Ever since we learned that Grady Sizemore would miss the first month of the regular season (and maybe more), the assumption has been that Michael Brantley would move to center field and someone from the huge group of internal candidates would rise to the occasion and win the Opening Day left field job. Yet Cleveland immediately began scouting other teams’ outfielders in preparation for a possible trade, and the Indians have recently been linked to free agent Johnny Damon.
In this edition of the Weekly Wroundtable, we asked our esteemed panel: Should the Indians look outside the organization for a left fielder? Joining us this week are Bleacher Report‘s Jim Piascik and SABRTribe‘s David McGarry. Here’s what we all had to say:
Jim Piascik (Bleacher Report): To me, unless the Indians are going to make a significant upgrade (think B.J. Upton, Gerardo Parra, Chris Young, etc), the Indians should just let Shelley Duncan be the starting left fielder on Opening Day. The free agent options are less than stellar and Duncan has proven he has a lot of pop. Plus, the Indians could really use Duncan’s right-handed bat in the lineup. Even though the majority of big-league pitchers are right-handed, making a left-handed leaning lineup strong, the Tribe still needs some balance in the batting order.
Duncan’s defense may not be the best, but considering the number of groundball pitchers the Indians have, Duncan’s defense in left field is less of an issue and shouldn’t hurt the Tribe too badly. Push comes to shove, the Indians could use Aaron Cunningham or Ryan Spilboroghs as a occasional starter on days when Josh Tomlin (a fly-ball pitcher) is starting and late in close games when defense becomes more important. It’s not ideal, but I would stick with what the Indians already have on the roster.
David McGarry (SABRTribe): The Indians should always be on the lookout to buy low and sell high, but for all practical purposes the Indians should not be actively looking to acquire a left fielder. The Indians currently have a large collection of mediocre outfielders, namely Michael Brantley, Shelley Duncan, Aaron Cunningham, Matt LaPorta, Ryan Spilborghs, Felix Pie, Fred Lewis, Nick Weglarz and Ezequiel Carrera, all hoping to land a spot on the 25-man. The Indians are likely to start Brantely in center, play Duncan in left and take on Cunningham as a fourth outfielder.
Outside of trying finding everyday at-bats for both Nick Welgarz and Duncan at LF/1B/DH, this approach is probably optimal but it still leaves Brantley, a very poor defensive center fielder, in center with extremely little depth behind him. As I alluded to above, I don’t think the Indians should be looking to acquire any player unless he is above average and available at a below-market value cost, however given the current abundance of left field depth I would recommend that the Indians should put more effort towards acquiring a center fielder than a left fielder.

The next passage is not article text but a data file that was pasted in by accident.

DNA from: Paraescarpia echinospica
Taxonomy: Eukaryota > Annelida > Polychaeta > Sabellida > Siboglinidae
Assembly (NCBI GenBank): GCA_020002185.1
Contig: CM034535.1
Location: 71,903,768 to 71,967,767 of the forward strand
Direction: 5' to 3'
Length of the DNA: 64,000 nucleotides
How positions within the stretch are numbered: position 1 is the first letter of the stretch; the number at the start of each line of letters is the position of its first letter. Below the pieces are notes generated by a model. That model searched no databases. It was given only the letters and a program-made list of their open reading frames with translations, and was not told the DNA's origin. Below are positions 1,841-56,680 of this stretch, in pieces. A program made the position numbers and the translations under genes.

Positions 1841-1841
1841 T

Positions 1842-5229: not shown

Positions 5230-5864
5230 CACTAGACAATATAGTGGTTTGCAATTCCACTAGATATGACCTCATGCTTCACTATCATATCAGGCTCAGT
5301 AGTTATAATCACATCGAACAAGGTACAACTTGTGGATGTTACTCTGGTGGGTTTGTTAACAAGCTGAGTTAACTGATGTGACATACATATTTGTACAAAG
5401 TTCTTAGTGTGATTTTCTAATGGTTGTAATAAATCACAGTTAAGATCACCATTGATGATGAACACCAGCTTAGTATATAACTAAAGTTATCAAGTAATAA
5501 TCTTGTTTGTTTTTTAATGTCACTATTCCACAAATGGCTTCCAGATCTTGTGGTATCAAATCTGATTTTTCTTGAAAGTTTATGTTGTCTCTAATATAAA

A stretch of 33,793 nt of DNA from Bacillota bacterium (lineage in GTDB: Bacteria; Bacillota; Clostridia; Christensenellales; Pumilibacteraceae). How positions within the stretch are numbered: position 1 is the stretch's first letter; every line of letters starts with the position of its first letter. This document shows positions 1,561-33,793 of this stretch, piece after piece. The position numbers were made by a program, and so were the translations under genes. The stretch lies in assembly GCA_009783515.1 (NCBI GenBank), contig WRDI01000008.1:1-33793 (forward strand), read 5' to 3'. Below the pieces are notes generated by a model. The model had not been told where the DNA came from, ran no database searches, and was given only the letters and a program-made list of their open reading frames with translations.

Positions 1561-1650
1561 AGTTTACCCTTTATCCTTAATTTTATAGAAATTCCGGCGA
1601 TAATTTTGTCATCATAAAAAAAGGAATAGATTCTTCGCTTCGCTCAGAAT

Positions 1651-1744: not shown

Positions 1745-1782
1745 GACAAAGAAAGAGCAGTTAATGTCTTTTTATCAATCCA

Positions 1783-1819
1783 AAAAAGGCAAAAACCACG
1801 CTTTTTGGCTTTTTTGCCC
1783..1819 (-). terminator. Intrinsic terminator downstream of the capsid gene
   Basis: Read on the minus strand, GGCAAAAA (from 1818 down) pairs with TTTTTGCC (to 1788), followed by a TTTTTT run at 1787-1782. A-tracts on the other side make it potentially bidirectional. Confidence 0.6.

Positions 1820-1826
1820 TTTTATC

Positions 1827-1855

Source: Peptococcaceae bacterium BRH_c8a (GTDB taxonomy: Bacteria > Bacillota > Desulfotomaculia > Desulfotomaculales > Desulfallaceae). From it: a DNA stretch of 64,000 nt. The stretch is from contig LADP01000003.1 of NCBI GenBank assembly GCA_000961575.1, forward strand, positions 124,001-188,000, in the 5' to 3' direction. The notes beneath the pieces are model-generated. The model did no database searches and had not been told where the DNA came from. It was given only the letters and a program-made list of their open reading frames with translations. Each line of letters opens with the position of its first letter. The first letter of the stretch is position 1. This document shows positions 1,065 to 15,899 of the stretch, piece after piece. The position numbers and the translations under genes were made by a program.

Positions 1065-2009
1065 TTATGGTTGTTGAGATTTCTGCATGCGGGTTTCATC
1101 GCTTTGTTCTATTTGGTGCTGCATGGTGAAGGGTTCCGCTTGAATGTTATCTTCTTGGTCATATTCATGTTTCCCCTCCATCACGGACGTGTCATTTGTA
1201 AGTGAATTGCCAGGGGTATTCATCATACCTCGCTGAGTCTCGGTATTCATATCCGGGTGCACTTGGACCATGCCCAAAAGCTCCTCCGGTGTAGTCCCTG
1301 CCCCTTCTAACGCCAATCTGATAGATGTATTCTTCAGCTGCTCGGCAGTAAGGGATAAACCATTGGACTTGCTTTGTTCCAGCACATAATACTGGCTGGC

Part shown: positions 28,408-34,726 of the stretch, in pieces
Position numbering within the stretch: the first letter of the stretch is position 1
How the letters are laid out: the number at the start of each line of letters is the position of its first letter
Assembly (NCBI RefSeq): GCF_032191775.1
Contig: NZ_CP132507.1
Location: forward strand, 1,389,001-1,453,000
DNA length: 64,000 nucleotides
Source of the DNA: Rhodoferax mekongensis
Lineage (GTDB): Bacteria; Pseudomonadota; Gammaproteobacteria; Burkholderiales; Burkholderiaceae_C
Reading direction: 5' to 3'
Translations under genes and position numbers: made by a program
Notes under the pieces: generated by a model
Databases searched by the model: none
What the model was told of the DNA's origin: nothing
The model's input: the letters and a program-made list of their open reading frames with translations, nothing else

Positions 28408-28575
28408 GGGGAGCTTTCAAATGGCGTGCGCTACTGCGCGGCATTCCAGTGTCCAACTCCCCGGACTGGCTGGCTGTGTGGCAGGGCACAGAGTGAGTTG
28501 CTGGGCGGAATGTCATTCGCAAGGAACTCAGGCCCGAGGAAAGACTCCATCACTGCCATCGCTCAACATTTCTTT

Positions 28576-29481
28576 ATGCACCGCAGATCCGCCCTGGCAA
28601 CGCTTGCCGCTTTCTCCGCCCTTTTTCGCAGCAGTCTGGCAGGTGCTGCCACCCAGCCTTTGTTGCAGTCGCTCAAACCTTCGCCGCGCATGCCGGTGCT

Lewie Pollis: It would be great to see the Indians bring in a fresh face. Another good hitter is always a welcome addition to any team, and given Grady Sizemore’s history of not recovering as well from injuries as hoped, there’s a good chance that left field wouldn’t just be a temp job.
But while the Tribe’s outfield depth is more about quantity than quality, there is at least one solid option to fill the left field spot: Shelley Duncan. He might not be an ideal everyday player and you’d rather his bat be available off the bench, but assuming he maintains some semblance of the power he showed last year he should be at least an average player in 2012. So any move the Indians make—be it a free agent signing or a trade—would have to net them a truly above-average player for it to be worth their while.
The headliner of the current outfield draft class is Johnny Damon; Great as he’d be as an inspiration for promotional days, he really doesn’t represent a substantial improvement over Duncan, Russ Canzler, or Ezequiel Carrera. A trade is a possibility—one of the also-rans for the final rotation spot could be dealt for an outfield bat—but it seems unlikely that the Indians would be able to get anyone of substantial value for Zach McAllister or Kevin Slowey.